A combination of two targeted therapies already shown to be effective in breast cancer packs an effective one-two punch against a subset of gastric cancers that have a specific genetic mutation, a study at UCLA’s Jonsson Comprehensive Cancer Center has found.
The drugs Herceptin and Tykerb when given together proved to significantly inhibit tumor growth in gastric cancers that had amplified levels of HER2, a mutation that results in an aggressive form of the disease, causing the cancers to grow and spread faster. The work was done both on cell lines and in animal models with human HER2-amplified gastric cancers.
Between 18 and 27 percent of gastric cancers exhibit HER2 amplification, so the finding—if confirmed in humans—could provide a new, more effective and less toxic treatment option for tens of thousands of patients diagnosed every year worldwide with gastric cancers that carry the mutation, said Dr. Zev Wainberg, a Jonsson Cancer Center researcher and first author of the study.
“This study adds further support to the concept that if you target a specific gene in gastric cancer, a more tailored treatment approach can be considered,” said Wainberg, an assistant professor of hematology/oncology. “This study also provides further proof to what we already know—that gastric cancer is ripe for the development of targeted therapies.”
The study appears in the March 1, 2010 issue of the journal Clinical Cancer Research.
Herceptin, developed on basic and clinical research
done in Jonsson Cancer Center laboratories, has been combined with chemotherapy with great success to treat first women with HER2 amplified metastatic breast cancer and, later, women with earlier stages of the disease. Tykerb was approved in 2007 for use in breast cancer. The two drugs also have been tested together, and the combination has recently been shown to be better than Herceptin alone in women whose cancer had previously progressed while on the single drug.
Tykerb was tested at UCLA for use in gastric cancers, first in cell lines and animal models, and was shown to be effective in cancers with HER2 amplification. A randomized Phase III clinical trial testing Tykerb with chemotherapy in HER2 amplified gastric cancer patients opened recently and is currently enrolling patients.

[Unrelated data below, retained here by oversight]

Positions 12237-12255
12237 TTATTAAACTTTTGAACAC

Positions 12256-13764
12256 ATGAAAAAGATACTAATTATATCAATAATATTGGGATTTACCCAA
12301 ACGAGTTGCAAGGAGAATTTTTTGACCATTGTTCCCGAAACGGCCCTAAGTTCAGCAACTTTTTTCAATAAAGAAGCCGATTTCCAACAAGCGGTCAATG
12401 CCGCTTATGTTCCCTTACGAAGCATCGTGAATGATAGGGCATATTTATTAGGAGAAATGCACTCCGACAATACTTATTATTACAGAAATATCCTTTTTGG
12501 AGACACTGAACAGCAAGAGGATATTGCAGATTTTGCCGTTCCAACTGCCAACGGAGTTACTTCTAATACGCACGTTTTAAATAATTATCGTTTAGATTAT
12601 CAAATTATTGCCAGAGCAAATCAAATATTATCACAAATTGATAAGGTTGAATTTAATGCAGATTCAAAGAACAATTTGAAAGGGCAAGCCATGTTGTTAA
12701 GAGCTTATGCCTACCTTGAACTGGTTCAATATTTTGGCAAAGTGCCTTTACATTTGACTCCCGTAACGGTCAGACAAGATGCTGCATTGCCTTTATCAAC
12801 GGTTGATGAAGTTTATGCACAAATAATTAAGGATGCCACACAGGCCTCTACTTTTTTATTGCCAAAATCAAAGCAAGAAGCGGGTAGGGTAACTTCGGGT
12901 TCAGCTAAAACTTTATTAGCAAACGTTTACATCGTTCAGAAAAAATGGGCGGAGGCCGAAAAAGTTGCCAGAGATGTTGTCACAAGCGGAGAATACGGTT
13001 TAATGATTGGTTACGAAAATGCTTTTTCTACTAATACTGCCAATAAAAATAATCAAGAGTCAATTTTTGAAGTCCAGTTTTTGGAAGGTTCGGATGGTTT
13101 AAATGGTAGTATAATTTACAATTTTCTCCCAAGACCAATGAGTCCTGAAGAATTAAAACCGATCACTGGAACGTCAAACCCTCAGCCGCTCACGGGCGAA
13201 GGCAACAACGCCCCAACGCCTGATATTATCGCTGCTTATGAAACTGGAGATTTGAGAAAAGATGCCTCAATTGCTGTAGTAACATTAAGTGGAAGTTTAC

Herceptin also has been successfully tested in HER2 amplified gastric cancer patients, Wainberg said, and is expected to be approved for that use by the U.S. Food & Drug Administration within the next six months.
Wainberg said this is the first time that Herceptin and Tykerb have been paired to fight this subset of gastric cancers.
“In our animal models, the mice that received both Herceptin and Tykerb had their tumors shrink down to virtually nothing,” Wainberg said. “This suggests that in those tumors that are dependent on HER2 for growth, this combination may be a very effective treatment. The combination of therapies was much better than either Herceptin or Tykerb alone.”
The dual blockade works using two mechanisms, blocking cell signaling from inside the cell as well as on the cell’s surface. Herceptin, an antibody, blocks growth signals sitting on the surface of the cancer cell, while Tykerb, a tyrosine kinase inhibitor, works from inside the cell to block the signaling that results in out of control growth of the cancer cells.
If just one therapy is used, the cancer cells often can find ways to get around the single blockade, Wainberg said. Using the combination provides a double whammy, and makes it much more difficult for the cancer to circumvent treatment. Herceptin is administered by intravenous infusion, while Tykerb is taken in pill form.
The Jonsson Cancer Center study offers further proof that molecularly-targeted therapies—those that hone in on what is broken in the cancer cell and leave the healthy tissue unharmed—can be used to treat cancers more effectively with fewer side effects. It also supports the widespread theory that cancers should not be treated based on their organ of origin, but by the genetic mutations driving their growth.
“We have known for many years that not all breast cancers should be treated alike and the same is proving to be true in gastric cancers,” Wainberg said.
The same test that is used to detect HER2 amplification in breast cancer, fluorescence in situ hybridization or FISH, is used to find the subset of gastric patients with the same mutation.
“It’s my belief that a year from now, everyone will be checking for HER2 amplification in gastric cancer the way we test it now in breast cancer,” Wainberg said.
While only about 25,000 to 30,000 Americans are diagnosed with gastric cancers every year, the disease is a significant problem worldwide. Gastric cancers remain one of the most common forms of cancer diagnosed worldwide, with approximately 870,000 new cases and 650,000 deaths every year.
“This is definitely a cancer type where we very much need newer and more effective therapies,” Wainberg said.
UCLA's Jonsson Comprehensive Cancer Center has more than 240 researchers and clinicians engaged in disease research, prevention, detection, control, treatment and education. One of the nation's largest comprehensive cancer centers, the Jonsson center is dedicated to promoting research and translating basic science into leading-edge clinical studies. In July 2009, the Jonsson Cancer Center was named among the top 12 cancer centers nationwide by U.S. News & World Report, a ranking it has held for 10 consecutive years. For more information on the Jonsson Cancer Center, visit our website at http://www.cancer.ucla.edu.